Rain chains are a more aesthetically pleasing alternative to downspouts
They aren’t the best solution if you live in a region prone to high winds and heavy rainfall
Cup designs produce less splashback than plain chains
Gutter systems’ downspouts might serve an essential practical purpose, but, let’s face it, they’re not that easy on the eye. Rain chains (kusari-doi) have been popular in Japan for hundreds of years, and you might have seen them popping up in the States over the last decade or so. These downspout alternatives have a decorative and practical function, but they aren’t suitable for every situation.
Learn more about rain chains, when you can use them, and how they provide a wow factor to your home’s exterior.
How Do Rain Chains Work?
Rain chains connect to gutters or eaves in place of the downspout. Normally, the rainwater from the roof flows into an enclosed pipe, but with rain chains, the water visibly follows the chain down to the ground or, more often, into a barrel or water feature. As with a downspout, by following this path, the flow of water slows, minimizing soil loss and erosion on the downpour site, and it keeps the water from running freely down the side of your house.
Why Use Rain Chains?
If you’re looking for an elegant alternative to plain metal or vinyl downspouts, you might want to opt for rain chains. It’s calming to see and hear the water ebbing and flowing down the chain as rain falls. Some people describe them as functional water features.
Collecting the rainwater in a barrel at the bottom of the chain is a great way to conserve water, especially in drought-prone regions. Use it to irrigate your landscape, provide a water source for wildlife, top-up outdoor ponds, or even in the home with the proper treatment.
What Are the Different Types of Rain Chains?
Some rain chain designs are more functional than others. The most simple style is a length of chain made from metals like brass, copper, steel, or aluminum. This minimalist design creates the most splashback, though, and might not be the best choice for regions that experience heavy rain or for installation next to doors or open windows.
More elaborate designs featuring fluted cups at intervals along the length of the chain are available. While making the chain more costly, these cups better capture and direct the water, meaning splashing is less of a problem. However, they’re heavier than simple rain chains, especially when filled with water, and you’ll need to ensure your guttering can handle this extra weight. Opt for cups that are at least 3 to 4 inches in diameter for them to work effectively.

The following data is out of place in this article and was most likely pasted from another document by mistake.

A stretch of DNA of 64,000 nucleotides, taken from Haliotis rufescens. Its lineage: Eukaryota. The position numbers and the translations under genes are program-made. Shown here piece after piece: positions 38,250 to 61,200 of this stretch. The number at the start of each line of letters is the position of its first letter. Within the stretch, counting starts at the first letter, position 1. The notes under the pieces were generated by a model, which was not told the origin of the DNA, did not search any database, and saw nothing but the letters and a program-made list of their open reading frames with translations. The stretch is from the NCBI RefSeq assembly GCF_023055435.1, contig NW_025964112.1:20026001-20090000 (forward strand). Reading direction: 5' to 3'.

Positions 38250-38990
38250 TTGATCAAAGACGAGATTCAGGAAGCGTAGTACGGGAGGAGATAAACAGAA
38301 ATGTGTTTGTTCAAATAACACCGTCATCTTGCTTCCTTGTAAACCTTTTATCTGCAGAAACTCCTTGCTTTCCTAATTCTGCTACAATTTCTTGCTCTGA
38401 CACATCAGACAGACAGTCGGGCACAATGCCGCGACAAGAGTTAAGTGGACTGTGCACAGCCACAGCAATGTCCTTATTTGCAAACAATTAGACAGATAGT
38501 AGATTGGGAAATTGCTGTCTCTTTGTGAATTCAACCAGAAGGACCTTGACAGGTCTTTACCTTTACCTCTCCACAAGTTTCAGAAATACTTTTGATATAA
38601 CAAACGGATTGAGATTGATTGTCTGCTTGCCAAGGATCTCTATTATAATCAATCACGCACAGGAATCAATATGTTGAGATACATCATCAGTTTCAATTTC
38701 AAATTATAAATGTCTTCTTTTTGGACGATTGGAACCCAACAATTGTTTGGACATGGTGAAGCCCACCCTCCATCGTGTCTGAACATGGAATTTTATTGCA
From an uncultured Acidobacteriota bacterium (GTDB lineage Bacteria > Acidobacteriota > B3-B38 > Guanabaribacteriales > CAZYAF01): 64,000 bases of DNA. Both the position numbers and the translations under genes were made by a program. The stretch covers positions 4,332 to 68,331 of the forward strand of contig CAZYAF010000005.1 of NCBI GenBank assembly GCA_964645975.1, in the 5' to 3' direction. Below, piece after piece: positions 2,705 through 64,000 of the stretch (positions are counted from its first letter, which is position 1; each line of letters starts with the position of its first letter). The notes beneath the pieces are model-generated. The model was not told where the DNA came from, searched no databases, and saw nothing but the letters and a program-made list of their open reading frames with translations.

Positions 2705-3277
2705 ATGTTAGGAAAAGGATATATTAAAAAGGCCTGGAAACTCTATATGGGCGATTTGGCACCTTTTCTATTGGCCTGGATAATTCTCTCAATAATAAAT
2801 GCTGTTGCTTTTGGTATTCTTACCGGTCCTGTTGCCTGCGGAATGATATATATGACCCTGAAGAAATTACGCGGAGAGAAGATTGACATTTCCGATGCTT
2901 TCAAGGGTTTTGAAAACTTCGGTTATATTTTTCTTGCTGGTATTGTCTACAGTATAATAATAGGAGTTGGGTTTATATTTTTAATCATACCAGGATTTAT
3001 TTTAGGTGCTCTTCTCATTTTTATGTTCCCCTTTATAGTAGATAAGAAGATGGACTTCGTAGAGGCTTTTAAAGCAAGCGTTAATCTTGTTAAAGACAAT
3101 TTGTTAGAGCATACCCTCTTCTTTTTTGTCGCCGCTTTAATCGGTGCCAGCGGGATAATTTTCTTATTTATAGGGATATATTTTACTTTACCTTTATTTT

What Are the Pros of Rain Chains?
When you compare them to traditional downspouts, rain chains have some significant advantages:
Aesthetically pleasing and come in a variety of styles and materials
The sound they produce is relaxing
Usually less expensive than downspouts
Easy to install
High-quality metal rain chains age well, and copper ones can develop an eye-catching patina
What Are the Cons of Rain Chains?
Sometimes it’s better to stick with downspouts. Here are some disadvantages of using rain chains:
Not as sturdy as downspouts and, with less water capacity and control, they aren’t suitable for use in areas with very high winds and heavy rainfall
Water freezes quickly on the chains, adding weight to the gutters and eaves
Bad weather and improper installation can result in improper water direction—and, in the worst-case scenario, you might start seeing signs of foundation damage
Some metals leach toxic materials, so you won’t want to use any captured rainwater for ponds or birdbaths
Are Rain Chains Suitable For My Home?
Rain chains aren’t usually the best option if high winds and heavy rains are common in your region; they just don’t direct the high flow of water as well as downspouts, and they aren’t as stable either.
If you decide to use them for aesthetic reasons, you might want to use them alongside traditional downspouts. Selecting chains made from heavier materials helps, too, as does securing the chain at the ground to prevent the wind from moving it too much.
For homeowners with narrow eaves less than 3 feet wide, downspouts are a better option unless you use a bracket to extend the chain away from your home.